“When militia gangs later threatened United Nations staff and Australian nationals as well as the East Timorese, Australian peacekeeping troops were inserted under Operation SPITFIRE. With tensions building, six aircraft (both F-111s and RF-111s) from Nos 1 and 6 Squadrons deployed to RAAF Tindal if called upon.
“When INTERFET forces arrived in Dili on 20 September, the situation on the ground was volatile. Requests for RF-111 overflights of East Timor were initially refused by the Indonesian Air Commander, but after Indonesian forces withdrew in late October overflights were permitted. RF111 missions began on 5 November and continued until four days later.
“These flights over East Timor were the only operational employment of the RAAF F-111 fleet.”
A 1989 image of an F-111 loaded with 48 Mk82 500lb low drag bombs. (Defence) Date/ time 15Nov89
An 1989 image of a A8-134 loaded with no fewer than 48 Mk82 500lb low drag bombs. (Defence)

Meanwhile on Saturday the South Australian Aviation Museum (SAAM) announced it had secured F-111C A8-132 as a replacement for A8-134.
“SAAM has agreed to an F-111 swap so that our existing loaned aircraft A8-134 will go to the Australian War Memorial and be replaced by A8-132, presently at RAAF Base Edinburgh,” the Museum announced via Facebook.
“We regard this as a win-win. The AWM gets an RF-111C aircraft that was active in the East Timor theatre, and we get an F-111C with a long and distinguished South Australian provenance of weapons trials with ARDU at Edinburgh. We are also delighted to further strengthen our existing cordial and cooperative relationships with the AWM and RAAF Heritage.”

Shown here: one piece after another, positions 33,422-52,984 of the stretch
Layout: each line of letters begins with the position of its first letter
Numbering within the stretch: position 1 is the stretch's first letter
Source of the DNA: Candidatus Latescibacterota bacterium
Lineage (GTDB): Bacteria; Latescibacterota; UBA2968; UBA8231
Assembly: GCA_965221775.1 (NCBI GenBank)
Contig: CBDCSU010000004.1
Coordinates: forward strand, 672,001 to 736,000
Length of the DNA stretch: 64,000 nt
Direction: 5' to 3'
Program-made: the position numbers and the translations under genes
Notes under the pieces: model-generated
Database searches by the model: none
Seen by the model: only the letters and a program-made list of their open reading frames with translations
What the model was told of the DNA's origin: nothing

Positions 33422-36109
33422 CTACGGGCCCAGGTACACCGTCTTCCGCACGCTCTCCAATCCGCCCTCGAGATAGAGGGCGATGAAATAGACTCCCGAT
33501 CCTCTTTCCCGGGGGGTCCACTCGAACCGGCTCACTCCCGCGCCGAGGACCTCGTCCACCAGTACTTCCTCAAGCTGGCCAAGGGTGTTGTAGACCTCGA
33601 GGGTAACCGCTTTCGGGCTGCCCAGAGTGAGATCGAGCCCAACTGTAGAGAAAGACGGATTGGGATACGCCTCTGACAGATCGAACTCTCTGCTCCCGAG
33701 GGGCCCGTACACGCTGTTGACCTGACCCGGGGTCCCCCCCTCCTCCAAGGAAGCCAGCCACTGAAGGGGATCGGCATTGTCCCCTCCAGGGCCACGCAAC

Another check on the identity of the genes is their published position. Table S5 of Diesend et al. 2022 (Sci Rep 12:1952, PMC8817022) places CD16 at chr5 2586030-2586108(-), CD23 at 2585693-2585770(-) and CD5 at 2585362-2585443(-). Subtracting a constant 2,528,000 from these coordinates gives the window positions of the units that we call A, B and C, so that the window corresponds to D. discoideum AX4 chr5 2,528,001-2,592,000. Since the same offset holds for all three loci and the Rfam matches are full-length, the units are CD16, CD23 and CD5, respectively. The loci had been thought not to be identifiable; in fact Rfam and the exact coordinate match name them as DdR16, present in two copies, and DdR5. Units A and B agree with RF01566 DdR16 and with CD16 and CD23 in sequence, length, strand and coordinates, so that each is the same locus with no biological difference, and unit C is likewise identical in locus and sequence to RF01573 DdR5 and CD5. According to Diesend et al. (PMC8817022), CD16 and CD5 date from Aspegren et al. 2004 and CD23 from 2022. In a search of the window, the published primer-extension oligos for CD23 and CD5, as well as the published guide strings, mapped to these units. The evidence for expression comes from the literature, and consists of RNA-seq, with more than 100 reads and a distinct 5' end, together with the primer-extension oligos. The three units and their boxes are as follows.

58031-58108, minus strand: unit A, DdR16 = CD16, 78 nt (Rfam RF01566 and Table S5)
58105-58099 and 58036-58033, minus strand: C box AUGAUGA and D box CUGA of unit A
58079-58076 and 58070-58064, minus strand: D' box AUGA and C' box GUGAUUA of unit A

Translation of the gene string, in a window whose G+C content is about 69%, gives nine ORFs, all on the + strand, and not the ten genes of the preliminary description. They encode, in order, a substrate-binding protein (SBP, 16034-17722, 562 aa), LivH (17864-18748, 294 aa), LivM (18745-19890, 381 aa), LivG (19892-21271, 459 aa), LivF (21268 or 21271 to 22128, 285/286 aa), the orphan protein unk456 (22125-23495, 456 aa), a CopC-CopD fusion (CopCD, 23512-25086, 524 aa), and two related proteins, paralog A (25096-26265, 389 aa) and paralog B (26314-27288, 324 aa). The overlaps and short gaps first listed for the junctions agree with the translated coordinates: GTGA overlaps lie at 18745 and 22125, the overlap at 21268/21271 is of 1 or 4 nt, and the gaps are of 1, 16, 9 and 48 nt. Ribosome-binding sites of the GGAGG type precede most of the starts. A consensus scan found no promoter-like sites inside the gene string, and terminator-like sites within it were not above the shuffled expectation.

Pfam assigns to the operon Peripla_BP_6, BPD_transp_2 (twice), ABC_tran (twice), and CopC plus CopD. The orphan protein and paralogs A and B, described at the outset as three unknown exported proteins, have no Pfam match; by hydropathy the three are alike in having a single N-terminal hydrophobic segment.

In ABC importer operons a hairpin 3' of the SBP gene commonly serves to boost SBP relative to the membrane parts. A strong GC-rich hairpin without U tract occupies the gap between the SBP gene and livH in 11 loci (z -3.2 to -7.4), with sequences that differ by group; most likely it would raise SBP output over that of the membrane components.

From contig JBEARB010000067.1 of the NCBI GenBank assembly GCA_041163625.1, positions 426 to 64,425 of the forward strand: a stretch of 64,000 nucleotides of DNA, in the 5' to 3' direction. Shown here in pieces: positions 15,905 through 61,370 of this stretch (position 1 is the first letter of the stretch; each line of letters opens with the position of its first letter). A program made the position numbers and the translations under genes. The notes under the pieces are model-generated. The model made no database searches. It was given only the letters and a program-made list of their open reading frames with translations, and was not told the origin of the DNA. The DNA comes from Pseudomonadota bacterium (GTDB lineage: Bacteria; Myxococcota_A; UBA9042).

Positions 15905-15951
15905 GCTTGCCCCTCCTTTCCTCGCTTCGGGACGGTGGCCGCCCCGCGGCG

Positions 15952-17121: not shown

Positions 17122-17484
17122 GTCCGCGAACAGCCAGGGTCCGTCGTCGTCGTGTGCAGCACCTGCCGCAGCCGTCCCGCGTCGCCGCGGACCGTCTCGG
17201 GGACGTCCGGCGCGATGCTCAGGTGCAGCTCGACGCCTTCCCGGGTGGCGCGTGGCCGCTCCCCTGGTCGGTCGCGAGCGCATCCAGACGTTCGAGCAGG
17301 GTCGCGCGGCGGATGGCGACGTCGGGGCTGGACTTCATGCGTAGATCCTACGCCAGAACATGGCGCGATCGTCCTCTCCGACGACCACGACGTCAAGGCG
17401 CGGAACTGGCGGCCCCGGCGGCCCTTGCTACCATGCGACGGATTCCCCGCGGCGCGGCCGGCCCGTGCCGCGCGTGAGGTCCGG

Ex ARDU F-111C A8-132 is currently in storage at RAAF Base Edinburgh. (Defence)

A8-132 is another historically significant ex-RAAF F-111C as it was instrumented for flight test duties and long saw service with the Aircraft Research and Development Unit (ARDU), based out of Edinburgh, north of Adelaide. A8-132 also served as the prototype aircraft for the F-111C’s AUP digital avionics upgrade program.
In all 13 retired RAAF F-111 aircraft were preserved, with six presented to Australian aviation museums on long-term loans. Others are on display or stored at RAAF Bases Amberley and Wagga Wagga and the RAAF Museum at Point Cook, while A8-130 was gifted to the Pacific Aviation Museum in Hawaii.

VIDEO: The F-111 in action as shown on the RAAF’s YouTube channel.
The original version of this story has been updated to reflect the news that the South Australian Aviation Museum has received another F-111 in place of the RF-111C.

14 Comments

  • Josh James

    says: